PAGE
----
Infectious proteins called prions — which cause devastating brain diseases including “mad cow” disease and Creutzfeldt-Jakob disease — can, in rare cases, spread through contaminated food, medical instruments or blood.

But if someone is exposed to prions, how do the infectious proteins make their way to the brain?

A new study finds that, surprisingly, prions that have gotten into the blood don’t appear to spread to the brain using one suspected route — that is, by crossing the blood-brain barrier, the network of blood vessels that serves as a filter into the brain. [10 Things You Didn’t Know About the Brain]

The findings, published today (Nov. 29) in the journal PLOS Pathogens, add to the existing evidence that prions likely reach the brain through another route — by traveling along nerves — similar to the way herpesviruses and the rabies virus can invade the brain.

The research might one day lead to the development of treatments to prevent prions from spreading to the brain, even after a person has been exposed to the dangerous proteins through an oral or blood route, the study authors said.

Prion diseases lead to progressively worsening symptoms, including changes in memory, personality and behavior; declines in cognitive function; and difficulty with coordination, according to the National Institutes of Health. There is no cure for these diseases, and they are typically fatal within months to years.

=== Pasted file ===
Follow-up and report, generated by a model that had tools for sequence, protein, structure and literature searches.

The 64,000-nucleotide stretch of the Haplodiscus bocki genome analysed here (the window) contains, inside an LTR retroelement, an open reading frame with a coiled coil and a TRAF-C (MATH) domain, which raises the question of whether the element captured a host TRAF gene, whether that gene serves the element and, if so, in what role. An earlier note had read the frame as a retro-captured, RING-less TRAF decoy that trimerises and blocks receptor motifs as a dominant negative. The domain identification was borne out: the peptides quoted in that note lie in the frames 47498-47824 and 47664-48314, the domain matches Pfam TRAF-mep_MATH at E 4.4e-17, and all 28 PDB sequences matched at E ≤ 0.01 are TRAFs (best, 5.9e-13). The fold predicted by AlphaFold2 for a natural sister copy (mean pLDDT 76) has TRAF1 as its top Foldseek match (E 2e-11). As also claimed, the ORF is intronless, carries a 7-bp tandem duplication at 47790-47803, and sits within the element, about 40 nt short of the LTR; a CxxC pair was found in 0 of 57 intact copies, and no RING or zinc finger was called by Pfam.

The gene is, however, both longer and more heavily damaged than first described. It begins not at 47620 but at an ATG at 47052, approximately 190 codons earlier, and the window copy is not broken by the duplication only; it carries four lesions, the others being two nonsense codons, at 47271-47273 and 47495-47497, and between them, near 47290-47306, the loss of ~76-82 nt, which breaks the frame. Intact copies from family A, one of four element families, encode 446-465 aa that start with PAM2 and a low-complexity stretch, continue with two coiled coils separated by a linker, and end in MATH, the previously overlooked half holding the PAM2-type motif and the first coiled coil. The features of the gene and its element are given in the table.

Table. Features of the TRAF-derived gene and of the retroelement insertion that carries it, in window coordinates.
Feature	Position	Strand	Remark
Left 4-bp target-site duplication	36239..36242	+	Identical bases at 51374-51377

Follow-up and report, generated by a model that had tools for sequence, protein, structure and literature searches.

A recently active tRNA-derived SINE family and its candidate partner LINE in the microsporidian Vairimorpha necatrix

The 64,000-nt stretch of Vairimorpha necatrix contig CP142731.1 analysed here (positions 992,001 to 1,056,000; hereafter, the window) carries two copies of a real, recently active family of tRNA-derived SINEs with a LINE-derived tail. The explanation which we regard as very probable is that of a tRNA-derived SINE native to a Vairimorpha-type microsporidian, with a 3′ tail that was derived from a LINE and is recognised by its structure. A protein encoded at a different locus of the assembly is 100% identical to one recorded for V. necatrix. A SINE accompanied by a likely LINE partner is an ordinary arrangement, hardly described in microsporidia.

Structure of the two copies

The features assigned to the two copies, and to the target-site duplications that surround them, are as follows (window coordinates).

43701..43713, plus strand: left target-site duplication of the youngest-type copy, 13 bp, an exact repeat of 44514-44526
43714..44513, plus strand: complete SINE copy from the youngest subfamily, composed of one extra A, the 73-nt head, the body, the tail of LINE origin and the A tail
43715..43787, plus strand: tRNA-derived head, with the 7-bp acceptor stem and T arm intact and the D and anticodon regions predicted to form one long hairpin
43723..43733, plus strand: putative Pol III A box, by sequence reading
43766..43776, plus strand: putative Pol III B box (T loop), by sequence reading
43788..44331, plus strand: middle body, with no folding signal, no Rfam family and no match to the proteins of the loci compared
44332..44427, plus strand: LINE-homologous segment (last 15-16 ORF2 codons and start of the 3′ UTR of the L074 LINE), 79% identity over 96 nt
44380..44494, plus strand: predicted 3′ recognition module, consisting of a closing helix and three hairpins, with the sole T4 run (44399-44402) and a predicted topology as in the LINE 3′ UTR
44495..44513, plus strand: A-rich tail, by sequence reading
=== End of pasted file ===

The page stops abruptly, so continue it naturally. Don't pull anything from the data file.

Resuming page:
Although the spread of prion diseases is extremely rare, there have been some notable cases. In the United Kingdom, there were nearly 200 cases of a prion disease, called variant Creutzfeldt-Jakob disease, tied to people eating contaminated beef in the 1980s and 1990s. In cattle, the condition is sometimes known as mad cow disease.

In addition, a few hundred people around the world developed Creutzfeldt-Jakob disease when they received contaminated growth-hormone treatments during the 1950s through 1980s.

Previous studies have found that prions travel along nerves to spread to the central nervous system, which includes the brain and spinal cord. But some studies in animals have found that prions can also cross the blood-brain barrier, and it’s unclear whether or how much this route contributes to brain infection.

In the new study, the researchers from the University Hospital Zurich in Switzerland used genetically modified mice with a highly permeable blood-brain barrier, which means that substances could cross this barrier rather easily.

The researchers found that these mice did not develop the disease any faster than mice with normal blood-brain barriers. After the researchers infected the mice’s blood with prions, both groups of mice took about the same amount of time to show symptoms and had similar death rates.

“These results suggest that passage of prions through the blood-brain barrier may not be relevant to the development of disease,” and that effective treatments should aim to stop the spread of prions, the researchers said.

Originally published on .

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